Spock and McCoy both see a death wish in Decker's madness, but while he is, as he tells Kirk, prepared to die from the moment he loses his crew, he isn't suicidal; he is determined to take the planet killer with him at all costs. Spock tries to talk reasonably to him, explaining that they would better serve the Federation by escaping and warning the people of Rigel of what is coming, but Decker is adamant that the device can and must be stopped then and there. Having already lost his own crew, he is willing to risk Kirk's to accomplish this task. It's certainly not his finest moment, and yet he does not come across as crazy - precisely the reason Spock and McCoy are reluctant to relieve him of duty even when he puts the Enterprise in danger. He has the right idea about the planet killer, but his nerves are too frayed for him to take the time to plan a course of action as Kirk does.

Once Kirk understands that his ship has been taken over by an impulsive, grief-stricken commodore, he acts swiftly and decisively, insisting that Spock take command on his personal authority and promising to take up the matter of regulations with Starfleet later. Left to his own devices (for of course a Starfleet captain can handle his escort of red shirts), Decker takes the rash action that at first makes Kirk say he threw his life away for nothing - he steals a shuttle and rams it down the planet killer's maw. It puzzles me that the device doesn't fire either on the shuttle or, later, the Constellation, but maybe the smaller and damaged engines don't set it off the way the Enterprise's nacelles do. Kirk and Spock would certainly never have given Decker permission to blow up himself and a shuttle to try to destroy the machine, yet this action gives Kirk the information he needs to succeed at doing the same thing with the Constellation.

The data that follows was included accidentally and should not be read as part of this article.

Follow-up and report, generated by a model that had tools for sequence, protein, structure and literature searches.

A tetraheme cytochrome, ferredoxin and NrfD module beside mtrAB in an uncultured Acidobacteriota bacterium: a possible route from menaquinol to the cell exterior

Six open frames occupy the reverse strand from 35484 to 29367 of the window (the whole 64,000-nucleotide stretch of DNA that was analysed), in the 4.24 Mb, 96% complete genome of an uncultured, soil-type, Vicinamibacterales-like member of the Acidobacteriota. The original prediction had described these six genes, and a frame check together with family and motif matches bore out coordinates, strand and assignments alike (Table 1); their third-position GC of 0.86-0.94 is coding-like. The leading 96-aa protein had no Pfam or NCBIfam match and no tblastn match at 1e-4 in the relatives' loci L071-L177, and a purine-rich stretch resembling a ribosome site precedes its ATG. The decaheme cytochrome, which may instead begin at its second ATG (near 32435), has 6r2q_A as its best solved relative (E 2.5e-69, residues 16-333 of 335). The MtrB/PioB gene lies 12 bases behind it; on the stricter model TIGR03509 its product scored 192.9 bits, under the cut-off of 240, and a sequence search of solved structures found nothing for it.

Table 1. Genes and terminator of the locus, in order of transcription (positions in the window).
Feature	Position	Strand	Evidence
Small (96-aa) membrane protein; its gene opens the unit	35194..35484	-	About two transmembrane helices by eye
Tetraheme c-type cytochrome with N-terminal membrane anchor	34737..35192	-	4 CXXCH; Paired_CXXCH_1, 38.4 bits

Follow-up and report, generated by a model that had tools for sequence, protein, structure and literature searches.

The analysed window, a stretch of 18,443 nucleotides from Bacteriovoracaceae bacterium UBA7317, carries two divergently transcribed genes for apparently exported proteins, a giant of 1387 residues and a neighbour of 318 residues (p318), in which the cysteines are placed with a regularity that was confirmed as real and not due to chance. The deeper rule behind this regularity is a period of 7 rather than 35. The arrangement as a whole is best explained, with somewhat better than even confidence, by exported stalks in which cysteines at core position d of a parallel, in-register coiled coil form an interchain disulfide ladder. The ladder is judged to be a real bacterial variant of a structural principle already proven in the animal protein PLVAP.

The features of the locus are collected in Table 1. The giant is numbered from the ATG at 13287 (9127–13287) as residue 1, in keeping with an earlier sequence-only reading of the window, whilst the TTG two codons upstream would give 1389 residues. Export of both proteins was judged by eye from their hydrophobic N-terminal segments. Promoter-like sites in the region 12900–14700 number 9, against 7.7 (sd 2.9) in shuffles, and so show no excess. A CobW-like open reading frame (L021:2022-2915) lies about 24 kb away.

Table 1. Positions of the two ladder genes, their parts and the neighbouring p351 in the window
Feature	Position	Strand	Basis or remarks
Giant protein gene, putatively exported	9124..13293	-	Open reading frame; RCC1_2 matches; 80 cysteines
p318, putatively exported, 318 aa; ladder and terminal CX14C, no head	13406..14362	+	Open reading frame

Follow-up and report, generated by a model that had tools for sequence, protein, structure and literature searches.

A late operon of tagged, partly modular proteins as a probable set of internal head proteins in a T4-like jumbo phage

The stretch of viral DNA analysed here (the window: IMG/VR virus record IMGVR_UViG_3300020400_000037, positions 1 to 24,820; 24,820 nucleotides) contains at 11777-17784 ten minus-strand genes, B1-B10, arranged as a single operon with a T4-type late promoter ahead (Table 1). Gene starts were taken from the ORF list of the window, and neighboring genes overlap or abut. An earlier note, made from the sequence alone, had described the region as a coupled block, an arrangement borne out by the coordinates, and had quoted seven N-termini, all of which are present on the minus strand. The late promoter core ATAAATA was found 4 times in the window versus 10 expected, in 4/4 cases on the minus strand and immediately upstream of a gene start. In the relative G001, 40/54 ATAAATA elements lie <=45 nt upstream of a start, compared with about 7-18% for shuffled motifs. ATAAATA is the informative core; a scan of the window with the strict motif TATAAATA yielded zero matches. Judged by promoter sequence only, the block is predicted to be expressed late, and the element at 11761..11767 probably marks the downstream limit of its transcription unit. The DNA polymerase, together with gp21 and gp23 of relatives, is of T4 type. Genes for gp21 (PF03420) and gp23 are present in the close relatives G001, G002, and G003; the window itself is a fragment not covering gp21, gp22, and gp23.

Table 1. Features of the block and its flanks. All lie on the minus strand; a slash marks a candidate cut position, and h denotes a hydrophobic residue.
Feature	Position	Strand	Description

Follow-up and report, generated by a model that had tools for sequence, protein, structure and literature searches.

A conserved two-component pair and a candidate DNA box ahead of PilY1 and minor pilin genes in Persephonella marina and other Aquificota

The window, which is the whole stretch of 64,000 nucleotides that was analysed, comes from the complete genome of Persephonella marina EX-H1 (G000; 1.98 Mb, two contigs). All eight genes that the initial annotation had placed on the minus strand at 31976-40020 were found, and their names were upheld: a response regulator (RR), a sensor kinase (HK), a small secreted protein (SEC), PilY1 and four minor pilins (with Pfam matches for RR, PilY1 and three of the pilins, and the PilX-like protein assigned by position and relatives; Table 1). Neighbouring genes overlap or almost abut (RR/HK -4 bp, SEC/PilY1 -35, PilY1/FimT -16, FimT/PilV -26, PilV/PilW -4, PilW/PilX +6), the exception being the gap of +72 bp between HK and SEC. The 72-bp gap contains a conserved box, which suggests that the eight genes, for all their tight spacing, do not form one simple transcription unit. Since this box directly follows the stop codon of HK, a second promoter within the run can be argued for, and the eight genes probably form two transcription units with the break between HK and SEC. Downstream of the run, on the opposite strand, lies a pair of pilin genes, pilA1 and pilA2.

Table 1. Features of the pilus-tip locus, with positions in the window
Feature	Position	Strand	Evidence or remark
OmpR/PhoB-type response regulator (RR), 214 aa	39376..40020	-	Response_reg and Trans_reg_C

And curiously, Spock is reluctant to let him try, though as the lower-ranking officer he is in no position to stop the captain. He does his very best to talk him out of it: "Jim, you'll be killed just like Decker...your chances of survival are not promising...the transporter is barely operating...30 seconds is very slim timing." Of course Kirk does it anyway. He's been getting his hands dirty, working with Scotty to try to get the Constellation's engines working, tying the impulse drive to the warp controls because the nacelles have been blasted and the impulse controls are fused; he knows exactly how badly the starship is damaged, that it probably can't be saved, and moreover he has heard that the planet killer is headed directly into the most populated part of the galaxy. One shattered starship would be a very small price to stop it, and he is willing to risk his own life rather than leaving anyone else to activate the detonator. (Good thing, too, since Kirk never could have fixed the Enterprise transporter as quickly as Scotty does to beam him back.)